Tuesday, November 3, 2009

Funtime's Over! Enough Rest! Back to Work!

I spent last weekend visiting with my sister and her husband, who came in from El Lay to visit their Florida home. It was also and excuse for her to go trick or treating with Vitaly.

In addition, I spent the time giving my knee a chance to recover. That old karate injury from 1984 has been acting up on me. In addition to everything else I over-consumed this past weekend, I've been eating Ibuprofen like they were M & M's.

Come Monday, we started getting some of that nice, cool Florida fall, with noontime temperatures in the upper 70's.* It made for a couple of good workouts.

Monday's session began with a good full-body stretch followed by some circuit work with forms. Because of my knee, I was reluctant to do any forms that involved the knee drop. I didn't avoid them. I just saved them to the end.

Otherwise, my circuit consisted of five runs of the Yau Kung Mun set, Gao Bo Toi (Nine Step Push) and three runs of Mung Fu Chuit Lum (Fierce Tiger Crashes from Forest). Between each set, I did a few reps with the ab wheel and a pyramid with the claw pushups, going from all five fingers, down to four, three, two and finally with just the thumbs. I am proud of the fact that I did at least five reps of each pushup in a fully-extended position with the exception of the the sets on the thumbs.

From there, I broke out my sam jie guan (three-sectioned staff) and worked on the fourth trip from the YKM sam jie guan set. It was a lot harder than it looked. Going forward, you hold one end of the staff and do figure eights with the other two sections. At the end of the figure eight, you swing the staff under your armpit, like the hidden sword draw from the sabre set.

The trouble is, if you don't really twist your upper body hard and fast when drawing out the staff, the end section will hit you in the head. Another problem with the three-sectional is that you can't practice it in slow motion. If you go too slow, you hit yourself. If you go too fast, you hit yourself, too.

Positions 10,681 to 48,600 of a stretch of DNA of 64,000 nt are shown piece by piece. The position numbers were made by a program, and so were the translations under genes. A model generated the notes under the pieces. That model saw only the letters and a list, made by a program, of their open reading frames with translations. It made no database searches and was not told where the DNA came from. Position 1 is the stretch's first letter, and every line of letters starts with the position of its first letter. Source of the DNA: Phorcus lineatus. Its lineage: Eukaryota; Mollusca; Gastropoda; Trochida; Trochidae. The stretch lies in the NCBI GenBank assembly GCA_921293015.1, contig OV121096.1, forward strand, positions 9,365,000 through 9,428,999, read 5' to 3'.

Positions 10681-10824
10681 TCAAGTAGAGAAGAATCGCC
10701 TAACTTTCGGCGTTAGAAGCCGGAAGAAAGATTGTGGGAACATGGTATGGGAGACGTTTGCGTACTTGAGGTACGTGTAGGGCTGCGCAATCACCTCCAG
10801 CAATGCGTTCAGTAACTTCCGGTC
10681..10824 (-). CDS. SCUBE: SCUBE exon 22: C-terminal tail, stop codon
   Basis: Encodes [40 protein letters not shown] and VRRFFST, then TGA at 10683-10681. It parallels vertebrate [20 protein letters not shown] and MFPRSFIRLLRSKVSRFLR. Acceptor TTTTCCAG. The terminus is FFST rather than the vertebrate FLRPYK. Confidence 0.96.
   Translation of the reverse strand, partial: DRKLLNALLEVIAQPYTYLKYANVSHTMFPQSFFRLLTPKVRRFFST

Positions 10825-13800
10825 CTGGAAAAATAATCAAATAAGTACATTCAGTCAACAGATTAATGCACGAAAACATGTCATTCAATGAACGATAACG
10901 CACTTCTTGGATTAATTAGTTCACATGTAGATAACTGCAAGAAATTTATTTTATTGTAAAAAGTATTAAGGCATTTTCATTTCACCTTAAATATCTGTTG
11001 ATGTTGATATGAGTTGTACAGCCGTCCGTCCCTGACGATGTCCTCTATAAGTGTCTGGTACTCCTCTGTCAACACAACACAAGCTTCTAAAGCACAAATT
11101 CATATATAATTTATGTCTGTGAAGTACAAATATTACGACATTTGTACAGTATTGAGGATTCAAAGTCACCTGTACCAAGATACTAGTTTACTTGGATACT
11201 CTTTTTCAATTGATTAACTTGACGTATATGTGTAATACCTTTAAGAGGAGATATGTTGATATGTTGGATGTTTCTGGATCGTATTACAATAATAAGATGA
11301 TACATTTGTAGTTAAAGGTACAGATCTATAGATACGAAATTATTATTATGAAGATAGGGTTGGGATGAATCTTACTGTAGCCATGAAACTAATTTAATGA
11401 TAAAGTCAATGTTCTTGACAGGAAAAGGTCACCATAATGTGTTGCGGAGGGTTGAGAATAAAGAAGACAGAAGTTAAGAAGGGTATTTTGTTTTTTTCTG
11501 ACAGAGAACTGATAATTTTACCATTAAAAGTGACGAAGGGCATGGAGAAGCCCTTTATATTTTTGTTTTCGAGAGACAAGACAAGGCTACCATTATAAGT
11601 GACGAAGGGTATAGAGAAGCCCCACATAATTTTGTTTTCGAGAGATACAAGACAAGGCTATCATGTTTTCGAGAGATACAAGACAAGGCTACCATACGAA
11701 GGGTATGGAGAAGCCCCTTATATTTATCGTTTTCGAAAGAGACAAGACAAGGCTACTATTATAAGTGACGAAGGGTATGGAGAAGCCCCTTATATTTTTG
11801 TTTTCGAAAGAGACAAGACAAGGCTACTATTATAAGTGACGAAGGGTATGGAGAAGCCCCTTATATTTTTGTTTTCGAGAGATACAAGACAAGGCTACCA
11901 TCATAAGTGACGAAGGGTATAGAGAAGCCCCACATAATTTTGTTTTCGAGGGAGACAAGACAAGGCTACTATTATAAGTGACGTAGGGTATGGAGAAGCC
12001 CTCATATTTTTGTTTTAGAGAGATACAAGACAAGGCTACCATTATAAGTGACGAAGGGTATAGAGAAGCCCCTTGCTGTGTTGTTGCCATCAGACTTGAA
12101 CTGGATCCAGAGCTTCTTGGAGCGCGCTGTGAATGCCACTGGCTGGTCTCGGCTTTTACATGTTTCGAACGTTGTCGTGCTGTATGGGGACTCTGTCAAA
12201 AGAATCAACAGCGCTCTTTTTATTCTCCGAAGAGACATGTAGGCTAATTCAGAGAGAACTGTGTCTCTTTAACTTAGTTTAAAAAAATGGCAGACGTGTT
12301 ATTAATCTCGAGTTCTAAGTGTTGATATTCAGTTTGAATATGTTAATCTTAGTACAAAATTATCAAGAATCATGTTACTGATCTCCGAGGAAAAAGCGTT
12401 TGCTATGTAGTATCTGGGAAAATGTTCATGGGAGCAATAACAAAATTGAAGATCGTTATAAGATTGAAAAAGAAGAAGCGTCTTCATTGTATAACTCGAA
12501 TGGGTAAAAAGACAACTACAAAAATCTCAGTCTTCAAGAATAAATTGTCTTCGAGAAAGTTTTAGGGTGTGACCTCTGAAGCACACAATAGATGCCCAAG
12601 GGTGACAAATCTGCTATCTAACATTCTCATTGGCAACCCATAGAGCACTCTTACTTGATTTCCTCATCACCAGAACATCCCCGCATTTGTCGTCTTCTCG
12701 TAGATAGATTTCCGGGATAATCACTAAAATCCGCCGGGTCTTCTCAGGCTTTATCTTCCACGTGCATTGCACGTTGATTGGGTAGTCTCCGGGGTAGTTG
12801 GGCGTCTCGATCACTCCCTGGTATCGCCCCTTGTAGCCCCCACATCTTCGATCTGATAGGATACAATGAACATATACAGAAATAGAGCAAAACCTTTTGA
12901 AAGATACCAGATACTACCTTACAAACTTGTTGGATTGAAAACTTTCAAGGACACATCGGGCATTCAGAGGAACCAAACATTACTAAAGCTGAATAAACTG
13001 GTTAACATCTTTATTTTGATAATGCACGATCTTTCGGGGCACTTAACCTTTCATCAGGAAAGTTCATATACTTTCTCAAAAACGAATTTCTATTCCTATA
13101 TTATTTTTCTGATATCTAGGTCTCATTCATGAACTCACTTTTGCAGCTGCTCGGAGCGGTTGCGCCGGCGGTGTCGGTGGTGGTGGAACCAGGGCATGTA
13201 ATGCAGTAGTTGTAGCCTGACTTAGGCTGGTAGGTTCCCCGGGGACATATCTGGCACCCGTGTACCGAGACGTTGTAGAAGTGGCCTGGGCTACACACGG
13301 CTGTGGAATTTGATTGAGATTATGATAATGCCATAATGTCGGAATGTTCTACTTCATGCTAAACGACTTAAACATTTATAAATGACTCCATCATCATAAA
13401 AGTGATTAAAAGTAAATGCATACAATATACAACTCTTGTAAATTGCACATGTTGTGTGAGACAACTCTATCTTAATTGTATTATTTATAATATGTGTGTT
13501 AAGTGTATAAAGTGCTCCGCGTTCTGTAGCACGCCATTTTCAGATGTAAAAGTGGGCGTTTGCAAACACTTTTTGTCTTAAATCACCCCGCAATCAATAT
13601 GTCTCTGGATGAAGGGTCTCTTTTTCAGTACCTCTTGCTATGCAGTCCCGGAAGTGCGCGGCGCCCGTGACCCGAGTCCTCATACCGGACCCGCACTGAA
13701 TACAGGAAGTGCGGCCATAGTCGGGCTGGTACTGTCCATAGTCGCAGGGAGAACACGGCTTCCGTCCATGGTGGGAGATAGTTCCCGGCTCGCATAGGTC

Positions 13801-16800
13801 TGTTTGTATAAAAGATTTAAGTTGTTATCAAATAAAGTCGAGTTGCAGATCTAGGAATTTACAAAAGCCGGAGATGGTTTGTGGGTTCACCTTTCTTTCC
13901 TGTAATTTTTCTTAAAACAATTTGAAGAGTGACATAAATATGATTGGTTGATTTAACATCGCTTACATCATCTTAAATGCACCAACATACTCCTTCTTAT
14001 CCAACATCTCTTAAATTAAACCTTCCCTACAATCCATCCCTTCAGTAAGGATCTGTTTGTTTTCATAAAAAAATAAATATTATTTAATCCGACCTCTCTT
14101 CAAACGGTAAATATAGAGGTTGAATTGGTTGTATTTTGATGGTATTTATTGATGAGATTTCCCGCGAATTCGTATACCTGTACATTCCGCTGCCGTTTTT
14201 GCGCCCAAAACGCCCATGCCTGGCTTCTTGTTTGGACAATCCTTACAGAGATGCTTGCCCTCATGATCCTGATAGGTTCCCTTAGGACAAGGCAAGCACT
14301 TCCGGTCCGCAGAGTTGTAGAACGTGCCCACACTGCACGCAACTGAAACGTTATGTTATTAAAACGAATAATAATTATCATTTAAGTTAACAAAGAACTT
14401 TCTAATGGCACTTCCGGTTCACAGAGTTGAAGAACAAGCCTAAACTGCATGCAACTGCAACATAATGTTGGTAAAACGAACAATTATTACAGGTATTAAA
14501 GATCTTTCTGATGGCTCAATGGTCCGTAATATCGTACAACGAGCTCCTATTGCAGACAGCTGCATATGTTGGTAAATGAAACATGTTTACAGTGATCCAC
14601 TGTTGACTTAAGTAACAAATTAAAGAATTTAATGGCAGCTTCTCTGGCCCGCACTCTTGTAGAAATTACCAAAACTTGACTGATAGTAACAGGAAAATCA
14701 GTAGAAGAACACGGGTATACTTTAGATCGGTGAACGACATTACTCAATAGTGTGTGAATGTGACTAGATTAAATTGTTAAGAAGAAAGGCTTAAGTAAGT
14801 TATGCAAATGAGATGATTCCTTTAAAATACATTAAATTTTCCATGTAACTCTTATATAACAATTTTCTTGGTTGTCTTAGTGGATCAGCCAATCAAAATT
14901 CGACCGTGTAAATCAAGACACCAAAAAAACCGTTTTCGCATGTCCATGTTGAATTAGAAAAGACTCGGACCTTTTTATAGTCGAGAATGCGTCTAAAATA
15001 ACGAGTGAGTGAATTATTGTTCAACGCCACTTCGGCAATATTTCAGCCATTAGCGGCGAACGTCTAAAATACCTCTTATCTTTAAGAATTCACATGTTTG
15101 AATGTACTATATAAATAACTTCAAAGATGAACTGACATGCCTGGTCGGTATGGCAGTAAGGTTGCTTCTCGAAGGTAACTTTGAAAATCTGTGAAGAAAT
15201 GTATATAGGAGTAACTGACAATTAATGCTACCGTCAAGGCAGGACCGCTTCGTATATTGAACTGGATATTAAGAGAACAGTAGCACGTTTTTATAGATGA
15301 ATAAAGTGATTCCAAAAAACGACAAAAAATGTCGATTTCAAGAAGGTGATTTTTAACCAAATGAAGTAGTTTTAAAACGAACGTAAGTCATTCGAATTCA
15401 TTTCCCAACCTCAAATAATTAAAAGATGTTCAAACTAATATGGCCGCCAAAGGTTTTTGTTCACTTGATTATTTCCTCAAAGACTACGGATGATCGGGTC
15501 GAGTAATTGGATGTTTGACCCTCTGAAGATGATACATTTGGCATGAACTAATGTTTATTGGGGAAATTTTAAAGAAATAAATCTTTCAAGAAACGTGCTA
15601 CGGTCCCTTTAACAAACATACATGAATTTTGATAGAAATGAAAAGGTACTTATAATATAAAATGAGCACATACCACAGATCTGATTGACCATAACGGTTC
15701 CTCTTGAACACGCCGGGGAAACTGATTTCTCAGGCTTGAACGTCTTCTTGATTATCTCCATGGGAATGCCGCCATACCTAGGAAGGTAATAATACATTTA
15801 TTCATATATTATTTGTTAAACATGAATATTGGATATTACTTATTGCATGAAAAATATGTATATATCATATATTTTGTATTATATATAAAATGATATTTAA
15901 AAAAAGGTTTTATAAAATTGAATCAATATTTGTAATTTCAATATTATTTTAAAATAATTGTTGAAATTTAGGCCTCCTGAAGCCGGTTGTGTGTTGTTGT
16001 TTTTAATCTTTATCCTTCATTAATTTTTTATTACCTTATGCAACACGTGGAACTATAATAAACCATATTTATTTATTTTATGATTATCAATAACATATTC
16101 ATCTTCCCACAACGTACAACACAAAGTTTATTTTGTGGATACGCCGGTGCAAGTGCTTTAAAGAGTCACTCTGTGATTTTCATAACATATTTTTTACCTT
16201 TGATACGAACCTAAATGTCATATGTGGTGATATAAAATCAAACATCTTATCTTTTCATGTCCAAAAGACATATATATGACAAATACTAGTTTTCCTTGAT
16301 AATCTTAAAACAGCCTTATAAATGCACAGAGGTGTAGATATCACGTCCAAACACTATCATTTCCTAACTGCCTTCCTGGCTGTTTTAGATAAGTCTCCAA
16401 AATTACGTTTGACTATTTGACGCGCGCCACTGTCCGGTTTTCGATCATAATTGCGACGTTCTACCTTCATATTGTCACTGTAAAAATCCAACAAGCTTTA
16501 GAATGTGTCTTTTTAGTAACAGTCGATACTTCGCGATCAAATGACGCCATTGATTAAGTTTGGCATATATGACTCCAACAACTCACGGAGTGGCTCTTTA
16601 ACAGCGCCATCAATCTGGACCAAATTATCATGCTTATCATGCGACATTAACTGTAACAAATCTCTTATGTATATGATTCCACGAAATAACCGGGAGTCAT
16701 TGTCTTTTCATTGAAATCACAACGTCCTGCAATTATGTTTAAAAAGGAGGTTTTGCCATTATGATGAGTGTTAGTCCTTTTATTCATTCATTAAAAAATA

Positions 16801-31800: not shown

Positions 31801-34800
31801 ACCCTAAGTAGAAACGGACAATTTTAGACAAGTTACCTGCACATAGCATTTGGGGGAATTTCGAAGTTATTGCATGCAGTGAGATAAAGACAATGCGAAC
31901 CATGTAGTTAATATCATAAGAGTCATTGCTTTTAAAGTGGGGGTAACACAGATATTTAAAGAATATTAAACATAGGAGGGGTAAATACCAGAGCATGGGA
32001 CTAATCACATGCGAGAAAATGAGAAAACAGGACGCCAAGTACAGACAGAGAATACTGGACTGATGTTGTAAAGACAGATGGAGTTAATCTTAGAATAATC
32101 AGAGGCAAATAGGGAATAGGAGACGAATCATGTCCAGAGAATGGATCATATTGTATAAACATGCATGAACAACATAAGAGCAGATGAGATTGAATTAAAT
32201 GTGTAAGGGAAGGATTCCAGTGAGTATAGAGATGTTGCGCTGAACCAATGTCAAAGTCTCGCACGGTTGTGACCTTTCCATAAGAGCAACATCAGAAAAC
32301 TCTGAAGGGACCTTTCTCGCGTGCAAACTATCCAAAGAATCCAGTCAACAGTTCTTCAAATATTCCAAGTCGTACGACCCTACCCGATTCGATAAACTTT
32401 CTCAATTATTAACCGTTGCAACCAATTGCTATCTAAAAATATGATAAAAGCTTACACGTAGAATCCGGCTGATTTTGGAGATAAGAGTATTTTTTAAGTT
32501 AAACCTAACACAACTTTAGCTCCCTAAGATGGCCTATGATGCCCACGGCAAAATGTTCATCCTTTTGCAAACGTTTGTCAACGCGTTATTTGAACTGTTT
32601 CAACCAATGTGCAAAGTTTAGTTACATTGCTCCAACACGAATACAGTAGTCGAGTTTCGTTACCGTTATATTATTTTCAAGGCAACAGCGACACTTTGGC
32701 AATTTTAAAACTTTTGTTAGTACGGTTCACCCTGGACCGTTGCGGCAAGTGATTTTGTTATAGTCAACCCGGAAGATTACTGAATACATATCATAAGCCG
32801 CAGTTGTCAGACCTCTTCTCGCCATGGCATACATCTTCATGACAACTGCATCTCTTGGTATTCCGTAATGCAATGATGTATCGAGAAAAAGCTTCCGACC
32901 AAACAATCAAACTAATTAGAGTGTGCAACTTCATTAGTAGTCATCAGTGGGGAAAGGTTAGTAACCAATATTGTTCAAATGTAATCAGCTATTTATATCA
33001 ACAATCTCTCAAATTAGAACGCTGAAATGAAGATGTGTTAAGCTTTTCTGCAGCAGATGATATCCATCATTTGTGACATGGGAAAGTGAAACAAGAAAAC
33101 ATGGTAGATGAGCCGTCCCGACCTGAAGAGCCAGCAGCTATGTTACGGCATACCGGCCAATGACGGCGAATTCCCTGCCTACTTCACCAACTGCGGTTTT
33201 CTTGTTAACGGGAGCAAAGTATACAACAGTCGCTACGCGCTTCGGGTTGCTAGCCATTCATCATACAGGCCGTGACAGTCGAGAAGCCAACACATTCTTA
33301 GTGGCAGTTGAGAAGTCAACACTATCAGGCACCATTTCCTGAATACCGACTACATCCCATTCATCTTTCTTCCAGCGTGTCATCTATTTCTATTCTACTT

I closed that workout with some bag catches and a run of the Mook Yan Johng Kuen (Wing Chun Wooden Dummy set).

Today, feeling stronger in my knee, I decided to work some stance training. Contrary to popular belief, stance training is less about building strength than with developing good body mechanics and alignment. Doing Bagua with Bret last month really showed me how much I've been neglecting that kind of practice.

Since I was in a Wing Chun kinda mood, I worked my Wing Chun empty hand sets and basics. Afterward, I went to the front yard and went throught he first four trips of the sam jie guan. As I said before, it is a simple, uncomplicated set. Taking out the repeaters, there are probably less than a dozen moves in the whole form.

But it is still physically demanding. It takes a lot of strength and concentration. What's more, there are a number of spinning moves, as well as the roll-outs, which can really leave a practitioner dazed and confused if he's not careful.

I closed again with some bag catches and a run of the wooden dummy set.

*Okay, I can't resist throwing that in. One of the fun things about living in Florida is that you get to torment all your Yankee friends and relatives by reminding them that they are freezing their asses off.